"It's very easy I think in this day and age to look the other way, very tempting to ignore the sadness of others, the reality of their lives. But I think it's very important that we not turn away."
Sure, it's not as exciting as watching the finals for American Idol. Or covering Lindsay Lohan. But, people, can we at least try?
Then there's the problem of covering the wars in Afghanistan and Iraq. Which has gotten a bit more challenging what with bombs exploding and journalists being targeted and needing big beefy guys with guns to guard them. It's hard to wander around Kabul or Baghdad and interview people unnoticed when you've got a security team in tow. Or to get out much at all.
To wit: "You can't eat in a restaurant. You can't see a movie or hail a taxi or go out at night. You can't stand in a crowd. You can't stand in one spot too long. Or use the same route or get stuck in traffic. "
You get the picture.
As for Cooper's chatty colleagues and the rise in cable news of liberal and conservative anchors to attract viewers, don't get Cooper started. He thinks it's an awful, awful trend. Not only because it divides people and slants the news and encourages, say, right-wing viewers to believe that Nancy Pelosi is a socialist. But because he believes in the quaint notion we used to call facts.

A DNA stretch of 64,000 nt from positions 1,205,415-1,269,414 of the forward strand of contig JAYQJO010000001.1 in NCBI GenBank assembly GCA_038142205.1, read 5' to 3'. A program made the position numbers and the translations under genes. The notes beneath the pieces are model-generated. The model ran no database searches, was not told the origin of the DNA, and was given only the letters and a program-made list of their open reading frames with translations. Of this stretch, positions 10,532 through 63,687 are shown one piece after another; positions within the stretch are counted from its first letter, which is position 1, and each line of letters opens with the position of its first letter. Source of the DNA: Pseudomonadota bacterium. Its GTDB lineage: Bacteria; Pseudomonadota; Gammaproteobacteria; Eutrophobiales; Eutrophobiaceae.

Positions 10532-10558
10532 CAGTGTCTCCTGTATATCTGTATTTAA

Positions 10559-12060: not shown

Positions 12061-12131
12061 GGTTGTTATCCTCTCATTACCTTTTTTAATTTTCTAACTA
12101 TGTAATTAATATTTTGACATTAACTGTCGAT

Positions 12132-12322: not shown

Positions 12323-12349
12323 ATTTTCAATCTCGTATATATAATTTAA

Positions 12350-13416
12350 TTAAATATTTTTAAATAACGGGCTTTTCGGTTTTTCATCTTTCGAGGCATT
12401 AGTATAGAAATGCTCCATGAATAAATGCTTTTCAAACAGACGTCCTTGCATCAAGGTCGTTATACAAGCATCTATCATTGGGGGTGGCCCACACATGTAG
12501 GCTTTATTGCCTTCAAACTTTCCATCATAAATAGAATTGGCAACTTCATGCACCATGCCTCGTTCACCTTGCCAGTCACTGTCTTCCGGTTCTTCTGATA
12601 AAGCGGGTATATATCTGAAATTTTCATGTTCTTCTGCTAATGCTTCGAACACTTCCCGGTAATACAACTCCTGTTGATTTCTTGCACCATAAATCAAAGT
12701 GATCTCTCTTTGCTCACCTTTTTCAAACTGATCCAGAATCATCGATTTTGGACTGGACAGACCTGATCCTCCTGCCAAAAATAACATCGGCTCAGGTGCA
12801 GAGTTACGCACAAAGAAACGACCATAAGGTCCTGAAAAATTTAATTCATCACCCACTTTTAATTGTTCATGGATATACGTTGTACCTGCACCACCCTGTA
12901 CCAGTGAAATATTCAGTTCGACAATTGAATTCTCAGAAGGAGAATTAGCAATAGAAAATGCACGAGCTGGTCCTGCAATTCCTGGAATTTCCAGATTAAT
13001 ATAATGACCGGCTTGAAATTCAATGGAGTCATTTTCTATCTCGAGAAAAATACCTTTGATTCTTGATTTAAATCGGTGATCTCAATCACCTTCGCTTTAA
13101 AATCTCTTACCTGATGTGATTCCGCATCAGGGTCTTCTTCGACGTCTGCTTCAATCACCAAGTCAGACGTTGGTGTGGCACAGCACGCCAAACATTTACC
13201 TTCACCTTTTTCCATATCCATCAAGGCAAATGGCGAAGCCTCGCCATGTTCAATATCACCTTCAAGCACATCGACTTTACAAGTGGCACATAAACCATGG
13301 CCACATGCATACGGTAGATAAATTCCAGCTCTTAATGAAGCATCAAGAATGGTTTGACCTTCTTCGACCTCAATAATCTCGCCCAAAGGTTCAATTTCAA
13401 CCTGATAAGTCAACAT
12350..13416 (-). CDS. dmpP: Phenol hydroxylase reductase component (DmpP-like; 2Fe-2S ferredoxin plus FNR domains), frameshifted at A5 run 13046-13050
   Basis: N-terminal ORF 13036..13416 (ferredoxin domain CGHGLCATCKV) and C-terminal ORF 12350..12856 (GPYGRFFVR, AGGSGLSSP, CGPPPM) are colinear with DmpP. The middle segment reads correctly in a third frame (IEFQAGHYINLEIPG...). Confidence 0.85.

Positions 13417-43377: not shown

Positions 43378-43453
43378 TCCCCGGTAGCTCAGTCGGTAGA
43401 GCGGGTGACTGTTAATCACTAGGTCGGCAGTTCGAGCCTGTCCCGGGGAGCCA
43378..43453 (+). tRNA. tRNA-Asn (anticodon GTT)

And really. "The last thing this country needs is more overpaid, blow-dried anchors screaming at the top of their lungs."
With new media taking over the world, Cooper says he doesn't know where journalism is headed. He thinks the economics of newspapers don't make sense anymore. Though he's not sure what will replace them.
Lest you forget, the anchor's not one for giving advice. "That's Sean Hannity's job," he quips, "and he does it very well."
But in this age where we're confronting unfamiliar ideas in other parts of the world, it would be good if we were all more open to various points of view. Even those of our enemies.
"That of course is something Daniel Pearl lost his life trying to do," Cooper says. "Trying to understand. Trying to help us all understand."